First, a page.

The European nations reluctantly triggered the accord's dispute mechanism on Tuesday to force Iran into discussions, starting the clock on a process that could result in the "snapback" of U.N. and EU sanctions on Iran.

The Europeans felt compelled to act, despite objections from Russia and China, because every violation of the deal reduces the so-called "breakout time" Iran needs to produce a nuclear bomb, Britain's Foreign Secretary Dominic Raab told parliament. Under the deal's limits, experts believed Iran needed a year to be able to have enough material for a weapon.

Mr. Zarif, speaking in New Delhi at the Raisina Dialogue, blamed U.S. "ignorance" and "arrogance" for "fueling mayhem" in the Middle East. However, he also acknowledged the anger Iranians felt over the plane shoot down.

"In the last few nights, we've had people in the streets of Tehran demonstrating against the fact that they were lied to for a couple of days," Mr. Zarif said.

Mr. Zarif went onto praise Iran's military for being "brave enough to claim responsibility early on."

However, he said that he and Mr. Rouhani only learned that a missile had downed the flight on Friday, raising new questions over how much power Iran's civilian government has in its Shiite theocracy. Iran's paramilitary Revolutionary Guard, which shot down the aircraft, knew immediately afterward its missile downed the airline.

The Guard is answerable only to Supreme Leader Ayatollah Ali Khamenei, who is expected to preside over Friday prayers in Iran for the first time in years over anger about the crash.

But there was a sense that the chance for immediate further retaliation by Iran against the U.S. may have lifted. Hossein Salami, the head of the Guard, said in a speech that Iran's "war project was closed since the people stood" against American pressure.
"Now, we are moving toward peace," Mr. Salami said.

That contradicted Gen. Amir Ali Hajizadeh, the head of the Guard's aerospace program, who blamed the U.S. in part for the shoot down and vowed further revenge.

"Certainly these consecutive blows will continue and we will avenge the blood of these martyrs on them," said Mr. Hajizadeh, who only days earlier apologized and said "I wish I were dead."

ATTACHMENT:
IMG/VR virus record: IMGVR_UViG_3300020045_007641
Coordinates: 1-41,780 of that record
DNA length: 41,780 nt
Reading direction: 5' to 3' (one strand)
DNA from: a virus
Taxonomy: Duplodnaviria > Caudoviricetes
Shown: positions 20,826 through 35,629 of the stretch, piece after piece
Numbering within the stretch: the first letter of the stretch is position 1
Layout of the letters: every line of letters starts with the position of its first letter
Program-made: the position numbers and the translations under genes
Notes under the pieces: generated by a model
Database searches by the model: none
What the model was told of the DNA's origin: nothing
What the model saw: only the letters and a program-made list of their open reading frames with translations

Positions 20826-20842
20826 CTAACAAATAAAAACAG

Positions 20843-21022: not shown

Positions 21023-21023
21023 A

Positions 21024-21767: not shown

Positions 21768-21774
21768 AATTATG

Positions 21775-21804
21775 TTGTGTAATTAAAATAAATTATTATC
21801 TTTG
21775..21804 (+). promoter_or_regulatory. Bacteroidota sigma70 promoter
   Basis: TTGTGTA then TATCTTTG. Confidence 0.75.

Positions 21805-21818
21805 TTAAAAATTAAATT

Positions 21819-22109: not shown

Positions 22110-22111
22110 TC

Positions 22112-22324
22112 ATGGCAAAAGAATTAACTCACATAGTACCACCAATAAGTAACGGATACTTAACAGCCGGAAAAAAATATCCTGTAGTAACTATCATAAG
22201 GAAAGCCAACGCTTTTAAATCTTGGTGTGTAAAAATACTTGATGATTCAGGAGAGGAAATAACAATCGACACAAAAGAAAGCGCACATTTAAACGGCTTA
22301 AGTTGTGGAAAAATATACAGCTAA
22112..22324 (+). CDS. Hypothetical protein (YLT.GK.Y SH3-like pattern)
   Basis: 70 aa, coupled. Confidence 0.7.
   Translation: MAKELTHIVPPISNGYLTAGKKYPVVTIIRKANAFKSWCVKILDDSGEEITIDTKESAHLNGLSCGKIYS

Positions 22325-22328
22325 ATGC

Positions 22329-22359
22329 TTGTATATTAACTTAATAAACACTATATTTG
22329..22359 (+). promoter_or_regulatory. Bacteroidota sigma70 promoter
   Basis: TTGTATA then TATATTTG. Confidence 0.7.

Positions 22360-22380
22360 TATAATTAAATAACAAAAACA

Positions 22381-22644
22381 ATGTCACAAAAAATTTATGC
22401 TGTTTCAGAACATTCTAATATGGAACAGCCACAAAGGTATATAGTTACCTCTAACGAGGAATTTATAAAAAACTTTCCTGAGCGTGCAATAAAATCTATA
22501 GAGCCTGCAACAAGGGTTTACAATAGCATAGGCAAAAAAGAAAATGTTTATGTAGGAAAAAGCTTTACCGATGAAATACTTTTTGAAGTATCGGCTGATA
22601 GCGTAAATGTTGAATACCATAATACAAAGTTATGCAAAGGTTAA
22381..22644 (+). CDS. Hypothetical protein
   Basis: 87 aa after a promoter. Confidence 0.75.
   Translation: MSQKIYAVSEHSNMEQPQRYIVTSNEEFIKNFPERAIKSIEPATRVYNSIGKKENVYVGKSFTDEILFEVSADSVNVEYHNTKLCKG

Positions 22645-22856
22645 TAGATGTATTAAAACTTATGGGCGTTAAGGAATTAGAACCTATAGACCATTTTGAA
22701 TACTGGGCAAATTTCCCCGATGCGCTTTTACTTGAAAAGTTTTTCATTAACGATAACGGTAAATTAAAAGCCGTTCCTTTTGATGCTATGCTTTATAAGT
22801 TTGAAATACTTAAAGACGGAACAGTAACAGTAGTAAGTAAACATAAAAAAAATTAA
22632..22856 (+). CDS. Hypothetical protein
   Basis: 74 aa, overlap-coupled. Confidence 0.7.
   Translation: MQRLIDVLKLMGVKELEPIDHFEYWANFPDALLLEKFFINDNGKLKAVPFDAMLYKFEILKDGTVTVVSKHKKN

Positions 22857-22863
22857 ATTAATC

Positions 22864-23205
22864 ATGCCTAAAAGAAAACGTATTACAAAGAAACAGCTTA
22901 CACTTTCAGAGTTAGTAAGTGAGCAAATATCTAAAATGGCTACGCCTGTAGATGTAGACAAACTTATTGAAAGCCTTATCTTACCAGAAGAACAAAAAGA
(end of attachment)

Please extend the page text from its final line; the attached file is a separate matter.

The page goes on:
The black-and-white surveillance footage obtained by the AP, filmed off a monitor by a mobile phone, appears to be taken near the town of Bidkaneh, northwest of Tehran's Imam Khomeini International Airport. That's the airport the Ukraine International Airlines flight took off from Jan. 8.

The two-minutes of footage purports to show one missile streaking across the sky and exploding near the plane. Ten seconds later, another missile is fired and explodes near the aircraft. A ball of flames then falls from the sky out of frame.

The footage corresponds with AP reporting, appears genuine, and matches geographic features of the area.

Also on Wednesday, Iranian state media said the British ambassador to Iran, Robert Macaire, had left the country. Mr. Macaire left after being given what the state-run IRNA news agency described as "prior notice," without elaborating. Britain's Foreign Office insisted Mr. Macaire's trip to London was "routine, business as usual" and was planned before his arrest in Tehran. It said he planned return to Iran.

Mr. Macaire had been held after attending a candlelight vigil Saturday in Tehran over Iran shooting down the Ukrainian jetliner. The vigil quickly turned into an anti-government protests and Mr. Macaire left shortly after, only to be arrested by police.

In Ukraine, forensic analysts expect to start decoding next week the flight data recorders recovered from the downed plane. The recorders, known as black boxes, have yet to be transported to Ukraine.

This story was reported by The Associated Press. Jon Gambrell reported from Dubai, United Arab Emirates, and Emily Schmall from New Delhi. Associated Press writers Nadia Ahmed and Jill Lawless in London, Yuras Karmanau in Kyiv, Ukraine, Lorne Cook in Brussels, Geir Moulson in Berlin, and Frances D'Emilio in Rome contributed to this report.